Campaigners are looking to make a legal challenge over changes to community health services in North Staffordshire.
NHS Care for All fighting proposals that could halve the number of beds at community hospitals across North Staffordshire.
The group is a coalition made up of the North Staffs Pensioners’ Convention, Save Leek Hospital and Save Bradwell Hospital campaigns, local campaigning group Healthwatch, the local branch of the Green Party, representatives of trade unions, local councillors of all political persuasions and local MPs.
A consultation is currently taking place on the future of health services in North Staffordshire.
The group say the proposals, which could see the number of rehabilitation beds reduced from 264 to 132 and some hospital sites mothballed, would “put vulnerable people of all ages at risk” and would damage the NHS.
They have now launched a crowdfunding page which will allow lawyers to advise whether there are grounds to bring a judicial review challenging the legality of the decision.
Oliver Carter, a specialist public law and human rights lawyer at Irwin Mitchell representing the North Staffordshire Pensioners Convention said: “The announcement has caused a great deal of concern to many residents in the area who believe that the decision will harm NHS services.
“Those opposed to the decision would like to work with the clinical commissioning groups (CCG) to find a solution but so far have been left frustrated by the response.
“Campaigners feel they have no alternative but to start the legal process and so have asked Irwin Mitchell to investigate the legality of the decision and the consultation process.
“We would urge the clinical commissioning groups to enter into talks with campaigners to find a solution agreeable to all parties.”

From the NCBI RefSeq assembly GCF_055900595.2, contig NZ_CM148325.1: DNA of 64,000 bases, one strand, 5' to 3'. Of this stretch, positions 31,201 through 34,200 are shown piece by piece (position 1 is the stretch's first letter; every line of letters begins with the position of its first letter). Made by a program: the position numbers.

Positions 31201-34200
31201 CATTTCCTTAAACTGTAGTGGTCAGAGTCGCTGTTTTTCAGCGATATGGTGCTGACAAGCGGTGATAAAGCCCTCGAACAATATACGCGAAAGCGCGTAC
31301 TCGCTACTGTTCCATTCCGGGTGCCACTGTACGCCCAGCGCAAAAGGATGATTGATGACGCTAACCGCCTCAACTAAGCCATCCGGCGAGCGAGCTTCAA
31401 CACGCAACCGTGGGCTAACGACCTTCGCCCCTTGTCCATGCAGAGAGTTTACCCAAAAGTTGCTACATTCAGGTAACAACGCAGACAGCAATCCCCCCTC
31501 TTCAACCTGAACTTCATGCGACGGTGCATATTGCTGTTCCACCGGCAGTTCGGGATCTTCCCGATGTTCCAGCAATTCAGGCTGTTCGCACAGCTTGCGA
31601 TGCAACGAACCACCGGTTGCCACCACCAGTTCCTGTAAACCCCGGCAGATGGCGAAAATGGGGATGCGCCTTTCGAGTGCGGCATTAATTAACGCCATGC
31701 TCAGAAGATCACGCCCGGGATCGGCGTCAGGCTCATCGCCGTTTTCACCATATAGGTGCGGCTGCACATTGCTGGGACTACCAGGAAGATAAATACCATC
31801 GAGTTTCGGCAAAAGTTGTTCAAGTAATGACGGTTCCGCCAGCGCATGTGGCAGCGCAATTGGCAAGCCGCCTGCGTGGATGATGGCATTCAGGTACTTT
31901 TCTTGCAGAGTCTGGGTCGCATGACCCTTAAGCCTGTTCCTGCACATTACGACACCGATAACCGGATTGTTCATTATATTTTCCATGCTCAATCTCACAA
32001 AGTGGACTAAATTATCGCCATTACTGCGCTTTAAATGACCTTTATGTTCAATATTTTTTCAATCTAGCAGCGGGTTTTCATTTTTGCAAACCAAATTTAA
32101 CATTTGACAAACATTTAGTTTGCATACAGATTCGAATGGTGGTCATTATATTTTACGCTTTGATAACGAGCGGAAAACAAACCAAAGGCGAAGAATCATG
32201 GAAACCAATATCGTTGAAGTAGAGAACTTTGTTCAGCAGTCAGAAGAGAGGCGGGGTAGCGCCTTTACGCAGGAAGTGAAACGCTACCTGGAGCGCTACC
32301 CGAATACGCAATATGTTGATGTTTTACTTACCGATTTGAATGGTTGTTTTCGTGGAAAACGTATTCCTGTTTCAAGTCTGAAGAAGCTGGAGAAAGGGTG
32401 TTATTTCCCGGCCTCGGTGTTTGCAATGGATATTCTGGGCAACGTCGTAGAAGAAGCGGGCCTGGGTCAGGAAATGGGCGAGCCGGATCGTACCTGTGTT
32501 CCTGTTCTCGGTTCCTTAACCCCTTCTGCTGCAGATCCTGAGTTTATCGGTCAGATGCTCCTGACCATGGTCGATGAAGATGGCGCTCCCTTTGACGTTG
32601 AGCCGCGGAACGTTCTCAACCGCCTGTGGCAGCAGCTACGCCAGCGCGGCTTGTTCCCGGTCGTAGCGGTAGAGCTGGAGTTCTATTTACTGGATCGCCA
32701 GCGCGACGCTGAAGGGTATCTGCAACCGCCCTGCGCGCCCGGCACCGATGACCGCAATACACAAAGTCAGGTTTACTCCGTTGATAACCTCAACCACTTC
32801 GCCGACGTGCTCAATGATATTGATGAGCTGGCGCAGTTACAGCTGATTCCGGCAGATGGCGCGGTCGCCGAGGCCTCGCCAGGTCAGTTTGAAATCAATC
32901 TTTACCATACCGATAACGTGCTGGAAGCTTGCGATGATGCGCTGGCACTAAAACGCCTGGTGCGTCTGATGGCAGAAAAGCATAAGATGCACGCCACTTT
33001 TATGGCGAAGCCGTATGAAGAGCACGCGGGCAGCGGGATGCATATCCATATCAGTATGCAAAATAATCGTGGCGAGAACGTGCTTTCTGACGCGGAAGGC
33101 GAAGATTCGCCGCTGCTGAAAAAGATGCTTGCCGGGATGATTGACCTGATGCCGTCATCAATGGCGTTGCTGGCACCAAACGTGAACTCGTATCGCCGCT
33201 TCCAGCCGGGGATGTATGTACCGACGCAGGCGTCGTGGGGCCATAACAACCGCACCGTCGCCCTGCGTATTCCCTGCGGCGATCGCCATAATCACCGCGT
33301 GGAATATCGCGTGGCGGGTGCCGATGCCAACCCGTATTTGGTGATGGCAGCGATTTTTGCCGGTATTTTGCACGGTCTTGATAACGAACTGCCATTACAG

The CCGs are currently exploring a number of options but their preferred choice is to close beds at Leek, Longton, Cheadle and Bradwell hospitals and retain 77 beds at Haywood Hospital.
Other beds would be held at care homes and community care “hubs” would be set up to deliver services such as physiotherapy and palliative care.
A spokesman for North Staffordshire Pensioners Convention added: “The plans will put vulnerable people of all ages at risk and damage the NHS as a whole.
"Rehabilitation beds are essential for so many people and losing them will have a major impact on care in the area. We just need to look at the queues at the A&E departments to see the knock on effect of what will happen.
“Our local community hospital teams provide great care and help thousands of people return home safely.
“All of the proposals are based around the assumption that there needs to be 132 beds. However, we feel that the current consultation cannot be fair as everything is based on this arbitrary figure.
“All through this process we feel that that the CCGs have failed to provide convincing evidence that they have put quality care services in place in the community.
"They have ignored all the representations put to them by local communities throughout this process and refused to compromise in any way.
“Because of this we feel we have little option but to investigate a legal challenge.”
A spokesperson for Stoke-on-Trent and North Staffordshire CCGs said: "The CCG’s can confirm receipt of a letter from solicitors representing North Staffordshire Pensioners Convention and a local patient. We shall be replying to this shortly.
“Since we began developing our proposals and plans for consultation, we have undergone a rigorous scrutiny and assurance process including from the leading independent experts on best practice in public consultations.”
More information on the crowdfunding campaign can be found here: https://www.crowdjustice.com/
For more on the CCGs’ proposals visit: https://www.